Improve Parkway Environment & Reduce Crime

For several years criminal justice professionals have realized that improving the user friendly environment of an area reduces crime.

The tactic has become formalized and one international association provides resources.

The majority of crimes on the Parkway happen in the Lower Reach area from Discovery Park to Cal Expo.

A large part of what drives the crime rate in the Lower Reach is the inaccessibility of the overgrown area sheltering the illegal camping sites whose inhabitants often prey on Parkway users and the surrounding community.

One dramatic example of potential criminal danger is the Parkway ranger report of 20 registered sex offenders camping there which we blogged on recently.

An aspect of any future management strategy to reduce crime in that area would have to include a more vigorous cultivation of the undergrowth to provide complete visual and pedestrian access to the area which would help reduce criminal danger by encouraging greater public access.

An article from the Charlotte Observer points out the benefits of environmental design.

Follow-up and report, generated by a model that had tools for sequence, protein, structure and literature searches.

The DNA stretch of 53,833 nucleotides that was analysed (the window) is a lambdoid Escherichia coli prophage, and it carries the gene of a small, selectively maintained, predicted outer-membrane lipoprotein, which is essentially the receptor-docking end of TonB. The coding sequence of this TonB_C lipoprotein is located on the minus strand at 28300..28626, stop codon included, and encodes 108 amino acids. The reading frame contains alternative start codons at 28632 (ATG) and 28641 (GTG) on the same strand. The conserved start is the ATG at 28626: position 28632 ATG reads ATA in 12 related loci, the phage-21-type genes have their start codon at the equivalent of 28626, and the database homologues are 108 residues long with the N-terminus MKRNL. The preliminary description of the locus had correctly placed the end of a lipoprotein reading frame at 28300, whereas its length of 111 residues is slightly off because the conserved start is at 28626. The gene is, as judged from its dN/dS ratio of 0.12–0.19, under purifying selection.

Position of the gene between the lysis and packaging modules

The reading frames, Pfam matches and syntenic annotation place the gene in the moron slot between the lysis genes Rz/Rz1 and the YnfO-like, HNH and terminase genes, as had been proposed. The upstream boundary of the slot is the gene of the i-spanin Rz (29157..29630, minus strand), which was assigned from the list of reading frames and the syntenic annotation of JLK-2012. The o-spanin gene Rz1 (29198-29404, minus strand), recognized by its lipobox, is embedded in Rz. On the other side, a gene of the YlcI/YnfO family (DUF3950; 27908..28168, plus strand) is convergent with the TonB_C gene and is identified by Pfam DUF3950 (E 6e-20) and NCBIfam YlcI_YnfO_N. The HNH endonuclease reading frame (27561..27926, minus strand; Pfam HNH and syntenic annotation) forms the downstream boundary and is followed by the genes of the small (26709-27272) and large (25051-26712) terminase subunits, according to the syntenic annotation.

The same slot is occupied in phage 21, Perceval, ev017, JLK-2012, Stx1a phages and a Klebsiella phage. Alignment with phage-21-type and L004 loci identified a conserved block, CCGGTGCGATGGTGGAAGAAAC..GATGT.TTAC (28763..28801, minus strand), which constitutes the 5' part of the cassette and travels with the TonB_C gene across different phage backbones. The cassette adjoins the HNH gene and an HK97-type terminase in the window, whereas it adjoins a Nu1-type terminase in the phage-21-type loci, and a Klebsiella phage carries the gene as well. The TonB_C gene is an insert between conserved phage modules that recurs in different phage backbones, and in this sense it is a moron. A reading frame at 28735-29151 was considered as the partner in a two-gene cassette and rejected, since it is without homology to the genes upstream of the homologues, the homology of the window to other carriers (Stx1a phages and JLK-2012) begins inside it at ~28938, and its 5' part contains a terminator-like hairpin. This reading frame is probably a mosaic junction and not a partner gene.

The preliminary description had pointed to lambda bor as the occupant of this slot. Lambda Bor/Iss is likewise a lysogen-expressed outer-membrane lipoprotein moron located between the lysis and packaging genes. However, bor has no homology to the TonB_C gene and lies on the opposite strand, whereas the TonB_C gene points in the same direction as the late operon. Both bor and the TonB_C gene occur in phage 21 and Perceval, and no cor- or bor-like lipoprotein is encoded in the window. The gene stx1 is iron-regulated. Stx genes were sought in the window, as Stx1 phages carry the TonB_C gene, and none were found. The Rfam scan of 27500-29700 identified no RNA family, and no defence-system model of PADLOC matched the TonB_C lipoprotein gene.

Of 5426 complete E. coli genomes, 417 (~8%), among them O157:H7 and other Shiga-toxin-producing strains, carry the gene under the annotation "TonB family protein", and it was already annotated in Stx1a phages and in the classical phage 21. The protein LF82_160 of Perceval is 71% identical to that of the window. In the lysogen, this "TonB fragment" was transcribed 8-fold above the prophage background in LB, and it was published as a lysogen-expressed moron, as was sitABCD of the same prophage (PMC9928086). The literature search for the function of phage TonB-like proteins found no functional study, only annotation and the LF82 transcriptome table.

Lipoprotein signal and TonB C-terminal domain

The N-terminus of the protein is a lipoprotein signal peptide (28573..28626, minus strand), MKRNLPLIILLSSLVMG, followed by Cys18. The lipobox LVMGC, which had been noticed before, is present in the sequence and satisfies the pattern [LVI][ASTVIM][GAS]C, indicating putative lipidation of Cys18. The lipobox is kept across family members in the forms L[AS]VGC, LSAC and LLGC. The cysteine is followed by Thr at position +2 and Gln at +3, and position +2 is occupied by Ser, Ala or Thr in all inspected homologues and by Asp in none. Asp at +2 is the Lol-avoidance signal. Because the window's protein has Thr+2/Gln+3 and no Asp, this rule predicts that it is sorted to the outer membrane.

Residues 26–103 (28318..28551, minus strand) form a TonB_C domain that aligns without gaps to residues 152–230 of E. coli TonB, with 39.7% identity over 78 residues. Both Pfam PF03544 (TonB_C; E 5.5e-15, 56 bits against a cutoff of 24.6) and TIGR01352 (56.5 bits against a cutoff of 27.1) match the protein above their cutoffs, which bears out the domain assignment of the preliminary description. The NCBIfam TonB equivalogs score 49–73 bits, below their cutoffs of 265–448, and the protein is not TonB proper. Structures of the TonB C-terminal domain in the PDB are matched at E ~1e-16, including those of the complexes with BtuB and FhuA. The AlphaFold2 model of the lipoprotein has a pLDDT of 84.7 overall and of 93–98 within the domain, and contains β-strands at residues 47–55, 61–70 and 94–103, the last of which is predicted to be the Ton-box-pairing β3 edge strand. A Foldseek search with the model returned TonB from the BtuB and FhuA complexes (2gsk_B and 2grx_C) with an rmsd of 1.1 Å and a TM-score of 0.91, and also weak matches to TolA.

“People getting off the bus at Arrowhead Drive were easy targets, especially on payday.

“The enclosed bus stop was dark, half a football field away from the nearest home and surrounded by trees.

“Robbers would hide in the shadows leading to nearby apartments or pretend to be waiting for the bus themselves, then pull out a gun when unsuspecting passengers got off.

“Increased police patrols didn’t work. Officers couldn’t be at the stop 24-7, and when they weren’t, the robbers would strike.

“So officers in the North Tryon Division made a proposal to the Charlotte Area Transit System earlier this year: move the bus stop.

“Today, the stop is less than a block away, but it’s under a street light, and people inside nearby apartments – potential witnesses – can easily see if something is amiss.

“And, police say, there hasn’t been a robbery there since the move.”

About David H Lukenbill

I am a native of Sacramento, as are my wife and daughter. I am a consultant to nonprofit organizations, and have a Bachelor of Science degree in Organizational Behavior and a Master of Public Administration degree, both from the University of San Francisco. We live along the American River with two cats and all the wild critters we can feed. I am the founding president of the American River Parkway Preservation Society and currently serve as the CFO and Senior Policy Director. I also volunteer as the President of The Lampstand Foundation, a nonprofit organization I founded in 2003.
This entry was posted in Homelessness, Public Safety. Bookmark the permalink.